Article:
Review Summary: Real smooth, nice hip-hop from a producer you might just be hearing more of in the next few years.
Hip-hop, more than any other genre, is prone to producing albums that make a statement. Blame it on the 'keep it real' culture, or the genre's inherent opposition to a realist, rockist, love-song narrative, or even on the fact that words are more important to rapping than they ever were to singing - whatever the reason, seemingly every hip-hop album you'll hear is making some kind of statement, taking some kind of stance. 50 Cent wants you to know that he's the toughest, baddest dude around, and so does DMX, so did NWA, so did countless others. Acts like Arrested Development and The Fugees wanted you to know about their social conscience, implying their separation from their contemporaries. De La Soul wanted everyone to stop taking themselves so seriously. Kanye West wants you to see every part of his personality, good and bad, and then wants you to praise him for being such a character. Jurassic 5 wanted to remind you about the old school and keep a grip on rap's roots ('holding on to what's golden', if you will). Rakim wanted you to see the art of rapping in a new light. Will Smith and Jazzy Jeff wanted to escape gangster culture and just make some great pop songs. Dr. Dre's spent his whole solo career paying tribute to weed and George Clinton, a statement of intent in itself. Jay-Z isn't a businessman, he's a business
, man. LL Cool J's basically done all of the above at one point or another. And as for Public Enemy, Dead Prez, Immortal Technique, Lost Children of Babylon, The X-Clan, Paris? And how many artists have you heard either brag about how much money they're making and how many fans they've got, or say 'fu
ck the mainstream' and tell you about what real hip-hop is?
That's all great, and basically every classic hip-hop cut ever is a classic largely because of how well it makes the statement it does. Sad thing is, it keeps pressure on upcoming artists to make these statements, and because of that it keeps a lot of artists in a rut. Creativity gets shunned in favour of ideology. I know how old and jaded it makes me sound, but I remember the days when hip-hop, to me, was just a load of kids sat in the park in the summer, with a boombox and some tapes. Right or wrong, nobody cared about black power, poverty, or police brutality - we were kids, and crap like "Summertime", "Gangster's Paradise", and "Everyday People" was enough.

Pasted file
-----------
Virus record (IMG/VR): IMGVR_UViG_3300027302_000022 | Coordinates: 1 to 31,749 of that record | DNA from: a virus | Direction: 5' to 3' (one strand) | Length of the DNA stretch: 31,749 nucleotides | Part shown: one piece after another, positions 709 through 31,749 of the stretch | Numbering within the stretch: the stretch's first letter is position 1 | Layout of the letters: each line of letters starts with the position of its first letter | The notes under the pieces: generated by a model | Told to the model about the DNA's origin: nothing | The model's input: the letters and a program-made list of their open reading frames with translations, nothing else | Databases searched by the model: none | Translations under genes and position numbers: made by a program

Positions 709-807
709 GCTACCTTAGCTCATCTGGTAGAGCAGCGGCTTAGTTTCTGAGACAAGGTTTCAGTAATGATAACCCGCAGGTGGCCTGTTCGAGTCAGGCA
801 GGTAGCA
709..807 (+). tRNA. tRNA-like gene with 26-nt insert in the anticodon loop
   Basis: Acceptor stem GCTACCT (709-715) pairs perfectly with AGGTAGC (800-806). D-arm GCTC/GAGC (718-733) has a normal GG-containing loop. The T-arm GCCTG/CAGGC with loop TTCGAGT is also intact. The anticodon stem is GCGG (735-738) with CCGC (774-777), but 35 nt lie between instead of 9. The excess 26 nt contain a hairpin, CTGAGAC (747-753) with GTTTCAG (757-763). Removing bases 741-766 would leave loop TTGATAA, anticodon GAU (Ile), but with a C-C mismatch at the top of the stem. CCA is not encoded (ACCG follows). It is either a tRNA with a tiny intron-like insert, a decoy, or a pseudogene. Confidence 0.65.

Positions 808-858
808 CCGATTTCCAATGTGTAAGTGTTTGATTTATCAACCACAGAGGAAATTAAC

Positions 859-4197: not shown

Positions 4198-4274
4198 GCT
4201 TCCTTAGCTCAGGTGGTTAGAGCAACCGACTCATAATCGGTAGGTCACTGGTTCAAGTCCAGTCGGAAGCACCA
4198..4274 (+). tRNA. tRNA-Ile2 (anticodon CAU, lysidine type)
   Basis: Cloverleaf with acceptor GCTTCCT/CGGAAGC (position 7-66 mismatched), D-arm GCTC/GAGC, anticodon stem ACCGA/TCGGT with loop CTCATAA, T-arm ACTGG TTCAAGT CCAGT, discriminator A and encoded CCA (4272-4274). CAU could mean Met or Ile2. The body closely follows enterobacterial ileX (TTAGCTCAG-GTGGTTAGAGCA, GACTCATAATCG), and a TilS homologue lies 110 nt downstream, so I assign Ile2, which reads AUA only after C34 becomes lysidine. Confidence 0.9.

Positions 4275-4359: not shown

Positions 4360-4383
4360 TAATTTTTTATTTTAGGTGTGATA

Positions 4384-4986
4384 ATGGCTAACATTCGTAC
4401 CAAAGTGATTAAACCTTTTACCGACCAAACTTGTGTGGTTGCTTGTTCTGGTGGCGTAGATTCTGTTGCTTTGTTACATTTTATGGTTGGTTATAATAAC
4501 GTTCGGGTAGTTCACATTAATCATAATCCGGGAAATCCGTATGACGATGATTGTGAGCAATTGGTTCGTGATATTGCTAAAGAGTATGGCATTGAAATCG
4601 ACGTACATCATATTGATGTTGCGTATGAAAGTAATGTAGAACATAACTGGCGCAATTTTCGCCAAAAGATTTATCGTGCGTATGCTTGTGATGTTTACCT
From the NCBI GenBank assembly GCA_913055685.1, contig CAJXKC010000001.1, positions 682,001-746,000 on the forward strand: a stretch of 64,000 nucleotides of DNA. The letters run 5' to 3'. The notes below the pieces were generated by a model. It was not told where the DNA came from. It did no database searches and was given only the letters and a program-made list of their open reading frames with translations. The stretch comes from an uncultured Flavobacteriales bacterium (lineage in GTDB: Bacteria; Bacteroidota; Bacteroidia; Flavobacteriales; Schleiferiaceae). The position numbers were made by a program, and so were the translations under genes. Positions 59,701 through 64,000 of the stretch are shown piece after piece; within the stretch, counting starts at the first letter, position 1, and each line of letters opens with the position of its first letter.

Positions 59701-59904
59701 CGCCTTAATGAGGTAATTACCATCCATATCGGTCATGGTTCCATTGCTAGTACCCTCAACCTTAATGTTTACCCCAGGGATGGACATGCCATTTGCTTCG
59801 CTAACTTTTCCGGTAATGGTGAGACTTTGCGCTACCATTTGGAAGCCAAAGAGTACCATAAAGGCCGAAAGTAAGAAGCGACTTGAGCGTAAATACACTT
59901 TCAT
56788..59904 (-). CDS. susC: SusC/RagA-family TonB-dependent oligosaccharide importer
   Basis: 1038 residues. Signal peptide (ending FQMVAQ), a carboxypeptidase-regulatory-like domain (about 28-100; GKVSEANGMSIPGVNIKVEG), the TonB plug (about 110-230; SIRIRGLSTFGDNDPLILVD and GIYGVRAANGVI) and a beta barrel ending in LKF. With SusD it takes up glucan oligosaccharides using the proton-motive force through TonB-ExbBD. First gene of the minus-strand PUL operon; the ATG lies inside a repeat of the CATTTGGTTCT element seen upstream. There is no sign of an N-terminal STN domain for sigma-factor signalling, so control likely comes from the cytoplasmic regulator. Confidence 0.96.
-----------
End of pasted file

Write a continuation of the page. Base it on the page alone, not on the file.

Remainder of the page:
That's why I always feel a pang of excitement when I hear a record like State of the Art
. There's no agenda here, no message, no statement - despite the name State of the Art
, this is no diatribe of the current state of the hip-hop artform. It's just a bunch of laid-back hip-hop tracks, with a revolving door of rappers contributing - there are 17 guests in total, including heavyweights like Large Professor, CL Smooth, O.C., Sadat-X, and Blu (of recent Blu & Exile semi-fame). It's Presto's touch that defines the album though - jazzy, soulful, organic, light, and decidedly old-school without being defiant about it. Presto's own claim is that he likes to make his beats sound like a three-piece band, keeping a live, almost intimate feel to his essentially sample-based production, and that comes off throughout this album. The nearest reference I could give you is Nujabes, and that is high praise indeed, although his direct influences run more along the lines of Gang Starr, A Tribe Called Quest, and Pharcyde (again, his words).
The flaw here is the lack of a standout. Despite the array of talent on the lead single "Conquer Mentally" - Large Pro, Sadat-X, and O.C. all on one track - it's not the knockout you suspect it could have been, and elsewhere the only two songs that really jump out at this reviewer is the violin-led "Feel Me" (partly because it's a sonic departure, partly because it's a little bit more basic), and "On", which hits a little harder, has the album's best bassline, and boasts a "Planet Rock" quote for the hook. But neither are the kind of song that could take this album to the stars; while everything here is good, it's just that nothing is truly great. That's a real shame, because if this album is anything to go by, then Presto's musical ear, his attention to detail, his work rate, and his natural flair are all enough for you to wish him great success. Maybe if you hooked him up with just one charismatic, original MC, and got 12 tracks off them, you'd have a classic. It's worth keeping an eye on. But that's the future; for now we have this refreshing, enjoyable, fairly original album that a lot of heads will probably go crazy for.